Because I’m clearly not busy enough writing my thesis, or putting together two events (see BAVS 2016 and Fantasies of Contemporary Culture), I am excited to announce that I’ll also be co-editing a special issue of Cardiff University’s Assuming Gender journal. If you guessed that the issue title, ‘Consuming Gender’, was inspired by this year’s BAVS theme, ‘Consuming (the) Victorians’, congratulations! You are correct.
You can find the call for papers below:
This special issue of Assuming Gender – an online, peer-reviewed academic journal from Cardiff University – seeks to explore the way gender is both presented and consumed through popular media and advertising. As Ann Herrmann points out in the article ‘Shopping for Identities’, commodities ‘are characterised by their dual nature: material composition and symbolic meaning’ (Herrmann 2002: 539). Consumer culture plays a significant role in constructing valid (and normative) identity categories with which consumers are encouraged to identify.
Scholars as diverse as Americus Reed, Laura C. Nelson, and Henry Jenkins have theorised the ways in which identity and consumer culture are intertwined. Reed, for example, claims in ‘Activating the Self-Importance of Consumer Selves’ that ‘[s]ocial identities are mental representations that can become a basic part of how consumers view themselves’ (Reed 2004: 286). In a later article on ‘Identity-Based Consumer Behaviour’, Reed and others use the example of athletics to illustrate their point: ‘if consumers view themselves as “athletes”, they are likely to behave in ways that are consistent with what it means to “be” an athlete’ (Reed, Forehand, Puntoni and Warlop 2002: 310). Consumption thus becomes defined by identity, and identity becomes defined by consumption.
While the construction of identities based on athleticism seems relatively benign, the case quickly becomes more complicated when consumer identities are racially, economically, or sexually coded. In addition to delineating the borders between various interest groups, consumer culture plays a significant role in establishing and maintaining binary identity distinctions (male/female, gay/straight, black/white), undermining the validity of those identifying across or in-between one or more categories, or who refuse categorisation at all. Those identities not classified as valid consumer groups are not seen as valid identities at all.
For this special issue of Assuming Gender, we invite articles that focus specifically on the idea of ‘Consuming Gender’. How has consumer culture constructed (and how has it been constructed by) gender through the ages?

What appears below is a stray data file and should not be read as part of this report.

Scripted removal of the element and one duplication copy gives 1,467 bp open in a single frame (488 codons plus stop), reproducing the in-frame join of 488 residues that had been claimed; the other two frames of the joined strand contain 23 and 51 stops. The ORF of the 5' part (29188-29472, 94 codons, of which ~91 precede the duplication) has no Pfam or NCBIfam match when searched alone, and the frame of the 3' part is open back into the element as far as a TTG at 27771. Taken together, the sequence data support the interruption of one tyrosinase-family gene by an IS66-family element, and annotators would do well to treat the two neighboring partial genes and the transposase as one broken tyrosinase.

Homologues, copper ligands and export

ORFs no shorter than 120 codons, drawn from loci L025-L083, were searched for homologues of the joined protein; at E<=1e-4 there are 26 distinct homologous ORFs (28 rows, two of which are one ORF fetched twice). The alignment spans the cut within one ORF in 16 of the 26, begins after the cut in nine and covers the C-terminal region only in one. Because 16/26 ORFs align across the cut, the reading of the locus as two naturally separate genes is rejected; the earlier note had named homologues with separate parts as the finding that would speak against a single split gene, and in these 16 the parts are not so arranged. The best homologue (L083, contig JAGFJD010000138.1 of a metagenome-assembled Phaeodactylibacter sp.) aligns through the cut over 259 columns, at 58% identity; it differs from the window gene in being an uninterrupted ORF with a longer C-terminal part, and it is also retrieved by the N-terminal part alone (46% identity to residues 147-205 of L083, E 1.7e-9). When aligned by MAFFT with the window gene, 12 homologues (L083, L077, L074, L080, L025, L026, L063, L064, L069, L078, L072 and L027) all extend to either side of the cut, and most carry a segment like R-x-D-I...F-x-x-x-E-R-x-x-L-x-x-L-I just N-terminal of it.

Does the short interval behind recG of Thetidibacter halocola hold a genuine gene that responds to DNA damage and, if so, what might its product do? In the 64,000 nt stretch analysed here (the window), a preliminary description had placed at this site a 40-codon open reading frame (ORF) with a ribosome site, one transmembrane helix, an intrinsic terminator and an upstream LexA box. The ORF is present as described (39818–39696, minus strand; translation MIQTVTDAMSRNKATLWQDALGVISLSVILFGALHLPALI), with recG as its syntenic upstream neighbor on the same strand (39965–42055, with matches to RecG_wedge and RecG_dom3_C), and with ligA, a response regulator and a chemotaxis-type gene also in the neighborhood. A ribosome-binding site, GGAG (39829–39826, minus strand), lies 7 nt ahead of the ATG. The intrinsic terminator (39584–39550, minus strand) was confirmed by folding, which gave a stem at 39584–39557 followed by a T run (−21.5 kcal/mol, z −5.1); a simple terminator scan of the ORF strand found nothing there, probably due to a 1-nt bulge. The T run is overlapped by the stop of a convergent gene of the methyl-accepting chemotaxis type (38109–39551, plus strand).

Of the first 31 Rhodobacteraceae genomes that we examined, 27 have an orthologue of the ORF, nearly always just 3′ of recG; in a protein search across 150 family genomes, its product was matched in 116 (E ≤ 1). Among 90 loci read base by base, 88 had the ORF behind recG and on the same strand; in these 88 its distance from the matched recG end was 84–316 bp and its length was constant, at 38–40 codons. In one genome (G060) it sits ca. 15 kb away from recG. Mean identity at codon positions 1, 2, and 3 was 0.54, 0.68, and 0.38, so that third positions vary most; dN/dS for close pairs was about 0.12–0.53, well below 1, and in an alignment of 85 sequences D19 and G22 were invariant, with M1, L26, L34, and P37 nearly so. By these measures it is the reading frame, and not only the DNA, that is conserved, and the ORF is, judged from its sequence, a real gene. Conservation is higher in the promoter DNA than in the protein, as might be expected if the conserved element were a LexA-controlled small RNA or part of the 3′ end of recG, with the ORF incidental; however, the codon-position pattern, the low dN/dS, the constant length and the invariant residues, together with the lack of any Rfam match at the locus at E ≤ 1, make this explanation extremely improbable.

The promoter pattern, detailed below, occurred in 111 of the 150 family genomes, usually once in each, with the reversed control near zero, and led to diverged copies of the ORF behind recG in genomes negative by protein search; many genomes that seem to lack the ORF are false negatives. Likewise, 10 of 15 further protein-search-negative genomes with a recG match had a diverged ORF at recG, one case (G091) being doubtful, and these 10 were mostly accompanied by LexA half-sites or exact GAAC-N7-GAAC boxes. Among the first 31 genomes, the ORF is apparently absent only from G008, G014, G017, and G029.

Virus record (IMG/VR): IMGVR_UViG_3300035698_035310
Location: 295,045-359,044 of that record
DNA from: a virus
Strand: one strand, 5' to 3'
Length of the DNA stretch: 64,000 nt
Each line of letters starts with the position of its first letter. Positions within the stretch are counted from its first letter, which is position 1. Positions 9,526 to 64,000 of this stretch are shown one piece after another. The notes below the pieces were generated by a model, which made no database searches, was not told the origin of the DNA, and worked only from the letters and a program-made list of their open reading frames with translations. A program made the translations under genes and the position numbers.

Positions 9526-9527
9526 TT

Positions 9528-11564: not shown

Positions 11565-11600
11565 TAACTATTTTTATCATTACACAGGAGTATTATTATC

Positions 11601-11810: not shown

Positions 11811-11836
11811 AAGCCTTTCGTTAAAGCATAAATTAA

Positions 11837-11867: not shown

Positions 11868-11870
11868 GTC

Suggested topics include, but are not limited to:
· Consuming gender/gendered consumption
· Historical contexts of gendered consumption
· Feminist/postfeminist approaches to consumption
· Consumption and intersectionality
· Queer consumption
· Media constructions of (gendered) consumer identities
· Post/colonialism and gendered consumption
Please send a proposal of roughly 500 words to Megen de Bruin-Molé, Akira Suwa and Daný van Dam at firstname.lastname@example.org under the subject line ‘CFP Consuming Gender’, including your name, e-mail institutional affiliation (if any), and a biographical note (100 words maximum). We welcome papers from scholars of all backgrounds, disciplines, and career stages. The deadline for proposals is 16 October, 2016, and completed papers of 5000 to 8000 words will be expected no later than 16 April, 2017.
Assuming Gender is an electronic journal dedicated to the timely analysis of constructions of gendered texts, practices, and subjectivities. This journal seeks to continue and shift debates on how gender is problematized in contemporary discourses as well as participate in the dialogue and tensions that maintain the urgency of such conversations. Prior issues can be viewed on www.assuminggender.com.
Need some help getting started on an abstract? Check out this 2013 article on how ‘women hold the key to the regeneration of the high street’. This more recent piece introduces readers to Queer fashion designer Leon Wu, of Sharpe Suiting. A 2015 study argues that gender neutral toys empower children, and this CSNBC article includes a number gendered shopping generalisations, such as the gem: ‘Men like to read’. US retail giant Target’s move away from gender-based signs is also worth a look. And in the interests of intersectionality, this article argues that ‘advertising is a tax only poor people pay’, while this one discusses the portrayal of black people in a recent Gap ad.
Or you could just watch these YouTube clips:
10 Things I Hate About You – Prada Backpack
Burger King – The Twilight Saga: Eclipse Toys Commercial (2010)
Adam Ruins Everything – Why People Think Video Games are Just for Boys